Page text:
Without a doubt, this popular town is a piece of heaven and it is a real place on earth. A place where an endless horizon of thin, wispy strands of clouds that streaks across the sky meet truly breathtaking nature, the miles of unspoiled countryside backed by pine-clad mountains, where the glorious arc of a buttery sand fuse with every shade of blue in the sun-soaked natural lagoon.
Fethiye is a complete holiday destination and this scenic town has so much to offer for every interest. A fascinating combination of ancient and historical sites, rich culture with modern influences, and plenty of adventure opportunities along with natural beauty.
Located on Turkey’s south band of the Aegean region, Fethiye also sits in the heart of the Mediterranean and is referred to as the Turquoise Coast.
The town was dramatically hit by an earthquake in 1957 and the majority of the buildings were damaged or destroyed. Over the recent decades, Fethiye was entirely rebuilt and has blossomed into one of the world’s most popular holiday destinations. Today, visitors from all over the world gravitated to its natural allure.
Much of Fethiye’s ability to gain admiration stems from its diversity. From the old town’s narrow cobbled streets to backing Taurus Mountain views, a delicate harmony with lots of streamlined architecture and hints of the city’s ancient past surprises and delights at the same time.
Written records of Fethiye dates back to Lukka lands in Hittite language texts from the 2nd millennium BC evidence that people have lived in this town of a natural harbor for as long as 5,000 years.
In the 15th century BC the region was known as Telmessos and was a part of ancient civilization of Lycia, a confederation of independent city-states called Delian League. Modern day Fethiye is built on the ancient city of Telmassos.
The Lycians were known for their unique burial habits, and have left behind 2,500-year-old sarcophagi in the streets of Fethiye, and marvellous rock tombs in the cliffs outside the town. The tombs date from about 400BC and reflect the stonemasonry architecture of Lycia.
The remains from the region’s Lycian past, the tomb of Amintas is the most interesting of all. Rock tombs were carved into the sides of the mountain and it resembles huge gates when observed across the mountain.
Telmessos was the largest and flourishing harbor city in the west of Lycia near the Carian border. Little is known about the early years of this ancient city, except that it was famed for its school of diviners, consulted among others by the Lydian king Croesus, prior to declaring war against Cyrus.
During the early Roman period which dates back to 753BC, a theatre raised inside of the city walls of Telmessos. Even though, little known about the exact construction date, it was renovated during the 2nd Century AD. The theatre of 5000 people capacity was used as an arena during the Byzantine period which dates back to 330AD.
In 334BC, the city was taken by Alexander the Great after his siege of Halicarnassus and joined the Roman Empire.
In the 8th century AD, Telmessos was renamed as Anastasiopolis, in honour of Byzantine Emperor Anastasios II, but this name did not persist.
The city came to be called Makri, after the name of the island at the entrance of the harbor. This name is attested for the first time in 879 AD. However, an inscription of the 7th century found in Gibraltar and bearing the ethnonym "Makriotes" may indicate an earlier existence of name Makri.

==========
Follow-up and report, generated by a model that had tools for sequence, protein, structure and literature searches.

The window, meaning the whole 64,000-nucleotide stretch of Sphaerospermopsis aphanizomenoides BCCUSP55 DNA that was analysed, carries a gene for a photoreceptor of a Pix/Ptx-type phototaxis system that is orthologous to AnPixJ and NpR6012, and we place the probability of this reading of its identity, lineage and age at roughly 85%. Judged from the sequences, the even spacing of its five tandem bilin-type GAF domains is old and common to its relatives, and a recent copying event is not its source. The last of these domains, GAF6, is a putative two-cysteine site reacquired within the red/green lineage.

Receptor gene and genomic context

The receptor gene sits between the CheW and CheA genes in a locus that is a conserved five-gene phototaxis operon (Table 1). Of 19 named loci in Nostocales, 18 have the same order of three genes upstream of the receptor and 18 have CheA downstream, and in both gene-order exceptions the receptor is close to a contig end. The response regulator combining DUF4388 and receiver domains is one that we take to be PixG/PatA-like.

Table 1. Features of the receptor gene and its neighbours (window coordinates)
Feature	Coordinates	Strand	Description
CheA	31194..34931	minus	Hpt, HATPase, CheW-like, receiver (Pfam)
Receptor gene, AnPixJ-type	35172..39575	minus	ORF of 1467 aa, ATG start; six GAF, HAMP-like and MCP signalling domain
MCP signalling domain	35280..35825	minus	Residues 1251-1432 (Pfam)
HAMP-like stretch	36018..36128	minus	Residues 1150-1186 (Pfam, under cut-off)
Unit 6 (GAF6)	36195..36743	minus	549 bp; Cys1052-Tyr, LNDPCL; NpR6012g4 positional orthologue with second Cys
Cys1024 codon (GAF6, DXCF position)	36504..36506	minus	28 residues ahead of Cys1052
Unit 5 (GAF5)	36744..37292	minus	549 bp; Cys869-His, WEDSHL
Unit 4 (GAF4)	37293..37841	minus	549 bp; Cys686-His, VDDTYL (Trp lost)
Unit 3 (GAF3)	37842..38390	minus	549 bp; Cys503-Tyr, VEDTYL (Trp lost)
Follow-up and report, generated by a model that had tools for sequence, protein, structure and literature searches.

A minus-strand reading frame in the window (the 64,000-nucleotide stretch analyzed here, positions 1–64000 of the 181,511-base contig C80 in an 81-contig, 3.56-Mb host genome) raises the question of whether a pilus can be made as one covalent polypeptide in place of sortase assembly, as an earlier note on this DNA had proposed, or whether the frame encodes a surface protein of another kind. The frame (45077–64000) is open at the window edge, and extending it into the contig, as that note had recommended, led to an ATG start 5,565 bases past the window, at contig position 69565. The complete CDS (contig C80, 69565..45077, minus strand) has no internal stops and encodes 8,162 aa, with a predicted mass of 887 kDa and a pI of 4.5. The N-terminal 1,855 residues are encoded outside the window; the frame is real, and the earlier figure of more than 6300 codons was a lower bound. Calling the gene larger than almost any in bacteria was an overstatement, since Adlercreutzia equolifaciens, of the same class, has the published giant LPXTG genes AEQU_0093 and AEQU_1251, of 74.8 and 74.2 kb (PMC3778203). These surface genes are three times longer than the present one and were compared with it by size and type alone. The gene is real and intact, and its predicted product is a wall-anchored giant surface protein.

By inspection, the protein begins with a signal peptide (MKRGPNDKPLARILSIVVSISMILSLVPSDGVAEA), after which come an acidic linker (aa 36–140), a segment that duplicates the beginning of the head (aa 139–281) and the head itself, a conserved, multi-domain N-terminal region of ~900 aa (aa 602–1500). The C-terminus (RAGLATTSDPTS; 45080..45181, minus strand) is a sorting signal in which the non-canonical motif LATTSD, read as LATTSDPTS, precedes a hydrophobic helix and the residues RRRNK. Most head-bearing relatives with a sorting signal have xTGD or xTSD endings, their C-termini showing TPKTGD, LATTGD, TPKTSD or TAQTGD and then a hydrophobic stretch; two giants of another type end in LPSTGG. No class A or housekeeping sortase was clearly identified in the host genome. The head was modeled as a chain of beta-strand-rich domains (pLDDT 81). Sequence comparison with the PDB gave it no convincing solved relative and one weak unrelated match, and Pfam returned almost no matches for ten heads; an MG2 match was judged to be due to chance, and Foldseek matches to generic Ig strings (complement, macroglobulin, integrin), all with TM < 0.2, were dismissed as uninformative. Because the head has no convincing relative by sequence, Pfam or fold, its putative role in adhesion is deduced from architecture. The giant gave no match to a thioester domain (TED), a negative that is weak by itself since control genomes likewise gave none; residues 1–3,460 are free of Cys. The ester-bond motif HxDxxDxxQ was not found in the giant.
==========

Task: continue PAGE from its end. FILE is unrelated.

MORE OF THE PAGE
In the 15th century AD, A castle appeared looking over the harbor on the hill on which is considered to be renovated or constructed by the St. John Knights of Rhodes.
Finally during the 1930s, thousands years later, after following the expulsion of the predominantly Greek Orthodox population, it was changed once again to Fethiye, meaning in Turkish ‘in honour of Fethi Bey, a pioneering pilot who was killed during World War I.
The reason behind the fact that little known about the remains of the medieval town is largely due to two immense earthquakes, in 1857 and 1957, which toppled most of its buildings; the rubble lies compacted beneath the present quay and shoreline boulevard.
Fethiye therefore became a place where different civilizations reigned over time, and there are architectural and archeological evidence of Bronze Age, Archaic Age, Hellenistic and Byzantine period as well as the ethnographic artifacts of Menteseogullari and Ottoman Empire.
1. Ölüdeniz Beach
Around the headland, a mere ten kilometres south of Fethiye’s old town is a scene of rare beauty.
The Blue Flag Ölüdeniz Beach is a crescent of white pebbles, with clear waters a mesmerising shade of turquoise that glows in the sunlight.
Lots of things combine to make this place so special.
One of these is the sky-scraping mountains cape on its margins: The peak of Babadağ, a mountain just shy of 2,000 meters, rises only five kilometers in from the coast and faces off against the 1,400-metre Karatepe.
Behind the north end of the beach is a lagoon, a darker shade of blue but just as clear, and protected as a nature reserve.
There are beach clubs on the lagoon’s shores, with sun loungers where you can just slip into the warm, shallow water or rent a pedal boat for a little voyage.
2. Tomb of Amyntas
You can see captivating traces of ancient Telmessos in the high limestone cliffs that form Fethiye’s southern boundary.
There you can follow a steep footpath up along the base of the bluffs to get a better look at the Lycian tombs.
These were fashioned from the rock face and can be remarkably grand, with friezes, pediments and Ionic columns.
The finest of all is at the highest point, and commands exhilarating views back on Fethieye and its gulf.